I felt sorry for myself when, imagining some non-existent reason to get back to Kathmandu, I rushed down from Bupsa and twisted my ankle.
Hobbling along, I really wanted to know just how long it would take for me to get to the warm lodge at Nuntala. I pushed through Jubing and crossed the bridge by noon, stopping to iodise my water and check the time so I would know when I could drink it. I climbed up to the small teahouses past the bridge and thought, surely it could be no more then two hours up the hill. I looked at my watch: 15 minutes till I could drink.
As I sat, a dozen soldiers appeared in the scrub at the far end of the small hamlet, with them two Nepali teenagers, a girl and a boy. They seemed to be arguing. The soldiers gestured at them with waves of their M-16s. The two were now hysterical, shouting back at the soldiers.
I looked at my watch, 13 minutes. When I looked up again, the two teenagers were running away from the soldiers, heads down and running hard towards where the plateau that the village stood on dropped to the river and the bridge. A couple of soldiers raised their weapons and almost casually fired five, six rounds. A short burst, and they both fell, one attempting to rise and failing. Two more soldiers walked over and one kicked them, hard, before bending with a pistol and making the dying youths almost sit up with the force of the coup de grace to the head.
I looked again at my watch, registering the fact that I had wet myself. Eleven minutes. The soldiers had seen me and as they prepared to leave, one of them walked over to me, hanging his head shyly like a guilty schoolboy. He stood in front of me trying to summon up some English, finally settling on "bad people" before joining the rest of the platoon heading up to Khari Khola.
That night I asked Raju in Nuntala for a jug of chang. But after one sip, I was retching in the street, unable to stop shaking. I went to my bed, where I could not sleep.
The next day, coffee, breakfast and the climb to Takshindo. The hills were full of army, their cordon moving across the hillside, clearing out Maoists, the occasional burst of gunfire drifting across the hillside as I plodded up. At the Everest View, buying cheese and dried apples, a deaf-mute woman in her sixties mouthed at me, miming shooting. She pulled her skirt up to show a horrific khukri slash, half healed. The lodgekeeper told me Maoists had done it.
The day and light were ending, and clouds were blowing up from the valley across the hill, parting over Takshindo. The lodgekeeper pointed out Thamserku and Kangtega. Why had it been so important for me to know which ones they were?
The lodge in Junbesi was warm and welcoming, the dining room sunny, as the Rai kitchenboy fried eggs. The sauni chatted to me about the Kathmandu schools her children attended. In the last 24 hours, I had turned into a complete chatterbox. Children, trekkers, shopkeepers. I seemed to need the sound of my own voice to confirm my existence.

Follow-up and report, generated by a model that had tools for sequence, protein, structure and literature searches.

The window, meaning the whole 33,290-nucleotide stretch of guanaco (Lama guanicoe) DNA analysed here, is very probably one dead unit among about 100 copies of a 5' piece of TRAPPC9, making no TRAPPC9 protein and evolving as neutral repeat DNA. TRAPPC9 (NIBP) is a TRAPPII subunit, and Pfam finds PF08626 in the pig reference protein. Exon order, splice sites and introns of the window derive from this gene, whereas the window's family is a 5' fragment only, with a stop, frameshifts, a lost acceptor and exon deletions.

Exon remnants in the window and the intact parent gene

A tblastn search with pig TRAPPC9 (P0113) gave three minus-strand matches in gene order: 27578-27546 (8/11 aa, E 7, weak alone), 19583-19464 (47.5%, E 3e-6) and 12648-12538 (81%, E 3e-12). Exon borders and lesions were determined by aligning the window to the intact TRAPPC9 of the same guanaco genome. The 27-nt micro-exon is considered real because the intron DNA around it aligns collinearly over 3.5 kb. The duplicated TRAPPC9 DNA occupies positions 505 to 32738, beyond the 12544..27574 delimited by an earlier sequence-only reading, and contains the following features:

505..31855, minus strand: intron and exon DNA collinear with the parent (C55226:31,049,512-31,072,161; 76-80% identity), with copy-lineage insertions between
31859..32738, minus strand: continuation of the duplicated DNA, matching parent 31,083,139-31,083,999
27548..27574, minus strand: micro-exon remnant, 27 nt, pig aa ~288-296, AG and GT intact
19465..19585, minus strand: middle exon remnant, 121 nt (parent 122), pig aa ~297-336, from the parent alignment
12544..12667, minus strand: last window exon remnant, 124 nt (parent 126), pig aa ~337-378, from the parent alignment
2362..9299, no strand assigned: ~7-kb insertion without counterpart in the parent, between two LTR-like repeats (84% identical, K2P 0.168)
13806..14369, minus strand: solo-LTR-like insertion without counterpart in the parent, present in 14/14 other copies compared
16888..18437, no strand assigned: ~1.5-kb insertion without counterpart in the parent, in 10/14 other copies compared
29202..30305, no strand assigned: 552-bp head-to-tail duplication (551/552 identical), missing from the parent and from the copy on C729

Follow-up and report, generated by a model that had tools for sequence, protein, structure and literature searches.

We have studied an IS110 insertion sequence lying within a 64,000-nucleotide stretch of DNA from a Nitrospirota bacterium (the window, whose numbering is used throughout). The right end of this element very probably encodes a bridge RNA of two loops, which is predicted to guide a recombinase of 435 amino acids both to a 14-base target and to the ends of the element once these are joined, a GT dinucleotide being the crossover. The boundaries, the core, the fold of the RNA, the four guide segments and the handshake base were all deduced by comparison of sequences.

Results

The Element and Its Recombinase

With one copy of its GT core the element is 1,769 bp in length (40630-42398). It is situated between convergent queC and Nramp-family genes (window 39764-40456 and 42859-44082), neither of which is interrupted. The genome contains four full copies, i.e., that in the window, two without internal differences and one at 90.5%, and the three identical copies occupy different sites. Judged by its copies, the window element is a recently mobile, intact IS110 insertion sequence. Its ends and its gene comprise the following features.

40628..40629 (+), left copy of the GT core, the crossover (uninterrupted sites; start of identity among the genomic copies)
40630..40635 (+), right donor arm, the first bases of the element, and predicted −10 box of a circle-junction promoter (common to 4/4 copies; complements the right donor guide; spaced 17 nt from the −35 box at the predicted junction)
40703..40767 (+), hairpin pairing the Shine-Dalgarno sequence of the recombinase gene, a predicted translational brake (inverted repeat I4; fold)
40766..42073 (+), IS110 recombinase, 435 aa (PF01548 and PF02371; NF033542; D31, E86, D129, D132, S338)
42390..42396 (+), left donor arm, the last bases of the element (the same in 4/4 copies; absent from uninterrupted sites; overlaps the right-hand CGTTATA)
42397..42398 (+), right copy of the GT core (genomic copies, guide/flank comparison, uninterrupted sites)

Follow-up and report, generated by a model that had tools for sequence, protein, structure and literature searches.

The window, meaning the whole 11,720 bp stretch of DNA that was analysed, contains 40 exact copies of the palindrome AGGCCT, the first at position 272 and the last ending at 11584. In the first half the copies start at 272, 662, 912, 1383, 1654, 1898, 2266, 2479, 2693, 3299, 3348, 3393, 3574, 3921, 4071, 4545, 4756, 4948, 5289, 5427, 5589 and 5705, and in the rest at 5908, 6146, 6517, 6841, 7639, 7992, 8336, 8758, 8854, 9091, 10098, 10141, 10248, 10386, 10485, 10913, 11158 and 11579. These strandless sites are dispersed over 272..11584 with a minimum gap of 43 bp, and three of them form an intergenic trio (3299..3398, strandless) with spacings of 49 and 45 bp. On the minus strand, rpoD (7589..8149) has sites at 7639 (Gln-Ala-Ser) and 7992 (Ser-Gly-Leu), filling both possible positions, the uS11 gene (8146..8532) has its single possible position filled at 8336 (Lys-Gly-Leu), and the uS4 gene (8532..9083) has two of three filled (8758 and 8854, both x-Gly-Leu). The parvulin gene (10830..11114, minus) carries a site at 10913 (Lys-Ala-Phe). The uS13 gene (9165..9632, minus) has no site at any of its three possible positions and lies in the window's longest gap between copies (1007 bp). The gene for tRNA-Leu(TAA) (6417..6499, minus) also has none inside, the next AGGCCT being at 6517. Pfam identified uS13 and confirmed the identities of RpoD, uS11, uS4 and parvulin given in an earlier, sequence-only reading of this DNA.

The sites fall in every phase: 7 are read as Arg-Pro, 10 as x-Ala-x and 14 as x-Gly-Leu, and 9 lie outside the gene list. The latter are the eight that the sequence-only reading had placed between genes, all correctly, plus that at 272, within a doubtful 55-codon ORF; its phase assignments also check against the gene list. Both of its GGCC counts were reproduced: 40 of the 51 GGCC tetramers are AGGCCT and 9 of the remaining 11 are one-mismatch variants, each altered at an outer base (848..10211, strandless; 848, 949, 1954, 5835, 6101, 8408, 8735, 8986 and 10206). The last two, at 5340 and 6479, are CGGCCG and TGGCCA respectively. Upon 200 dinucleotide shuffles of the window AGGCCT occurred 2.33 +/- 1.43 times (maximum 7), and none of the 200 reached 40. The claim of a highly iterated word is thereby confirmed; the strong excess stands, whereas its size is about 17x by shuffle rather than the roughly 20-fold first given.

The sauni's husband was keen to tell me how the army was in the woods above, between me and the Lamjura, chasing Maoists. I tried to ignore him, but as he talked I had to listen. When they caught Maoists, he told me, they tell them to go, to run away, and then they shoot them down. Villagers know not to run, to stay put and they will not shoot you. Then they know you are just gathering wood. I remembered the boy and the girl. But how do they know they are Maoists, I ask. He looked at me like I was stupid. "Because they run away."
A day in the hills of Nepal is a life.a simple, trite, much used phrase. When you trek through these places you are lucky that from the morning peppery chia to the evening dal bhat, you are privileged to see a whole lifetime. You will become part of a landscape in motion as you move through ever-changing mountain views to the changing emotions that play across the faces of children. It will change your life as it has mine. But as I found, and continue finding, it could not be relegated to a corner of your life.
So how far is it to Nuntala? It is the time it takes for ama to serve out a helping of yogurt and refuse payment. It is the time it takes Tashi in Kyangjuma to see our meal is perfect despite the huge trekking group we share her lodge with, and the fact that armed Maoists robbed her lodge last night. It is the time it takes to spend with a friend, it is the time it takes to realise the soldiers are as frightened as you are, and if you run, they will shoot. It is the time it takes to realise a remark is thoughtless and wish it unsaid. It is the time it takes to play with and talk to children rather then just photograph them and pass on. It is the time it takes to realise how short life is.
It is the time it takes to realise every moment is important and we can make a difference, both in our own lives and in the lives of those we meet along the way. Ask me anything but please not how far it is or how long it will take, because when you know that, you will also know that it will end.
Alden Pyle is the pseudonym of a trekker who travelled across the Junbesi valley earlier this year and witnessed the events described.